• Instructor “office hours” – your instructors for online courses may offer support via email or a phone appointment to answer questions, clarify assignments, and provide feedback on your academic performance. However, respect time boundaries and be patient when waiting for a response. For example, it may be highly unlikely to expect a response when messaging a faculty member late at night before an assignment is due.

  • University Learning Network – the Writing Center, Math & Physics Center, English Language Resource Center, Professional Tutoring, and TutorMe (increased to 10 hours per week) are all available online and free of charge to help you understand the course concepts.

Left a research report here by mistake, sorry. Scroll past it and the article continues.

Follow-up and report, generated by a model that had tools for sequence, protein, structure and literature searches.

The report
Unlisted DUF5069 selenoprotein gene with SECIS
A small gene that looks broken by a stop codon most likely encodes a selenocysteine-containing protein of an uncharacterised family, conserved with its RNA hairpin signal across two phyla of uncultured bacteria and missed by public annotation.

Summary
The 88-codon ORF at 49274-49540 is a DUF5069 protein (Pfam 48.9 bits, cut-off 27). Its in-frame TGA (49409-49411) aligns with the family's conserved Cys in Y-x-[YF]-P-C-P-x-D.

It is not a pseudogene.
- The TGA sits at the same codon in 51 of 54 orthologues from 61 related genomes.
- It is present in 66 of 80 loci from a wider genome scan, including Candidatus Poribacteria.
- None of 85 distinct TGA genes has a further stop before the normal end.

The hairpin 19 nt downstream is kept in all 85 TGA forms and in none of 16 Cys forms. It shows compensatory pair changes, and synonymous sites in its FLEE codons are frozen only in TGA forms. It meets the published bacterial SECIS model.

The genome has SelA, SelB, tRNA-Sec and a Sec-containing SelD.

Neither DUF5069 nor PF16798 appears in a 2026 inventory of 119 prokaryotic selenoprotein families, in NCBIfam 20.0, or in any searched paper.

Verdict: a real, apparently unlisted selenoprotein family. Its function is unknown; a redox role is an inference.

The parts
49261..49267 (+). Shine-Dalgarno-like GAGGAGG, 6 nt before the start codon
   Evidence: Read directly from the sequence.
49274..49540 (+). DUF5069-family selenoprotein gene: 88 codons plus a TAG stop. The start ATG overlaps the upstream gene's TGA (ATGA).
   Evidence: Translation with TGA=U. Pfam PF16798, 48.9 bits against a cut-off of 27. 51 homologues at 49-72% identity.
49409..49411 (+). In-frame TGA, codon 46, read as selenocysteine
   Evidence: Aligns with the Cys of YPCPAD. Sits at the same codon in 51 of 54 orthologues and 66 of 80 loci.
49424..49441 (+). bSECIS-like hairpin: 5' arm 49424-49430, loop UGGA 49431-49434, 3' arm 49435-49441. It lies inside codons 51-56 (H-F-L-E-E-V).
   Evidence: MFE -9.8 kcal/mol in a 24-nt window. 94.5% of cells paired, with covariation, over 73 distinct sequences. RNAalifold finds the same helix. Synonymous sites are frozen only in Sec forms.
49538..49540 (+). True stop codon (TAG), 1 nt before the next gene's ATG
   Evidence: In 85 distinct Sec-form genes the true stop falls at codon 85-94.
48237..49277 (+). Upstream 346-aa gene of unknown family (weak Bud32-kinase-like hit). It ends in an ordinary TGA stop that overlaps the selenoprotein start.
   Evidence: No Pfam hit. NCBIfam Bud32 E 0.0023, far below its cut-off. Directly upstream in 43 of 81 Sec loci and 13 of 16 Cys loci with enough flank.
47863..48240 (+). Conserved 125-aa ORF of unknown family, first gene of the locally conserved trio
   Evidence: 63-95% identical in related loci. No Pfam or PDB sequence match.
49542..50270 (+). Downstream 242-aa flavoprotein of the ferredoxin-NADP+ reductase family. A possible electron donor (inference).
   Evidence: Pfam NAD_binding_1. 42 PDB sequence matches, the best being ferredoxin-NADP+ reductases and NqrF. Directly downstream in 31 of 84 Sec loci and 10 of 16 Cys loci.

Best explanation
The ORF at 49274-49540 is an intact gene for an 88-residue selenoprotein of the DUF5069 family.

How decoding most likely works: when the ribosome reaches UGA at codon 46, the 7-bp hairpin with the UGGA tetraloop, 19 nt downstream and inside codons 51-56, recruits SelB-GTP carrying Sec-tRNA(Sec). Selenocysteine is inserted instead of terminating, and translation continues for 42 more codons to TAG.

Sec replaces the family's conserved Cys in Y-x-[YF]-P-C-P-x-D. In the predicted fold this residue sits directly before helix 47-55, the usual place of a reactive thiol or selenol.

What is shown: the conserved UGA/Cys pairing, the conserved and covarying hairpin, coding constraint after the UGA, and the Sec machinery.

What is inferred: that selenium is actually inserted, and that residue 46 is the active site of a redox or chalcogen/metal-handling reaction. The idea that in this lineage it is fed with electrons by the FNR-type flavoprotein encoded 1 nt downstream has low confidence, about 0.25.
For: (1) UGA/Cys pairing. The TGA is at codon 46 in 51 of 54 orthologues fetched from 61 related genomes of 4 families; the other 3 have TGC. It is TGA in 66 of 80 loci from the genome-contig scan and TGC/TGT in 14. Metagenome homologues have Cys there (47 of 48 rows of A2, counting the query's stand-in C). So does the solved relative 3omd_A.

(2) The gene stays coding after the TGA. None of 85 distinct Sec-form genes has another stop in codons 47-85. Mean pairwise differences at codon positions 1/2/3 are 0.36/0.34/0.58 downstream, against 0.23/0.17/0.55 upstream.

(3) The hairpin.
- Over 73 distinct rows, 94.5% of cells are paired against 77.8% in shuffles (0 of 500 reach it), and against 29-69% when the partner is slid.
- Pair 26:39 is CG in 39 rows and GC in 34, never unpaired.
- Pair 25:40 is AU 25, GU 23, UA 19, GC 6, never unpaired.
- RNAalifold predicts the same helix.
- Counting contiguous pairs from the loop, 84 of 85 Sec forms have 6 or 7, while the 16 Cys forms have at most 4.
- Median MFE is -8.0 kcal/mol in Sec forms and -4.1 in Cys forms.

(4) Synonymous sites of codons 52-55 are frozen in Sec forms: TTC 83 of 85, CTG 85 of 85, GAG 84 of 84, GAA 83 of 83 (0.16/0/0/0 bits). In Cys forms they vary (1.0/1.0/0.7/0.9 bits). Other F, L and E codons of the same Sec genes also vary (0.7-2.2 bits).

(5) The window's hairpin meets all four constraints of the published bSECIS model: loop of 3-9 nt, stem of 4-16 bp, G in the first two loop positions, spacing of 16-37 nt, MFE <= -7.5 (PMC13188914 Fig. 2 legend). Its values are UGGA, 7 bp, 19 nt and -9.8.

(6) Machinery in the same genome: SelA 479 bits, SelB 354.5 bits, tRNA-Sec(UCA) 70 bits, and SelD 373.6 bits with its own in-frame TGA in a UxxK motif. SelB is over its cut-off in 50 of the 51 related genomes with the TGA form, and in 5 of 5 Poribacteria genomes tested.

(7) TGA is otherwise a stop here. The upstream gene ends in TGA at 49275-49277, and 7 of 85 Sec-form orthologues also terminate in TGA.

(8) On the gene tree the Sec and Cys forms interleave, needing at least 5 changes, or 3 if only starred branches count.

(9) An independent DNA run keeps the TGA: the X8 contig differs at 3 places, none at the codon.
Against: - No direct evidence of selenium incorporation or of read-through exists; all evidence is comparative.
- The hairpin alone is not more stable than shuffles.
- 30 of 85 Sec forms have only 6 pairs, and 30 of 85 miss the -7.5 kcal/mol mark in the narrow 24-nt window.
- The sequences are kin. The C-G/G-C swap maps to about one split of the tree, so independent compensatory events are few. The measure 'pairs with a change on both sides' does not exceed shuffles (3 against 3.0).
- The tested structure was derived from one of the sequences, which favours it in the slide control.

• Your peers – reach out to the other students taking the course to form virtual study groups and accountability partners.

Physical space/Surroundings: You will need to set up a workable space or find a location that you can be productive in, during your classwork time. Consider creating a sign that you can display during your worktimes to indicate to family, etc. that you although you are physically present, you are mentally engaged in work and unavailable. Respecting boundaries is key and you need to establish them so you can be productive. Remember, that your bed is not a good work space location. You need good lighting to help mitigate eye strain and try to

find a place that is quiet, distraction free.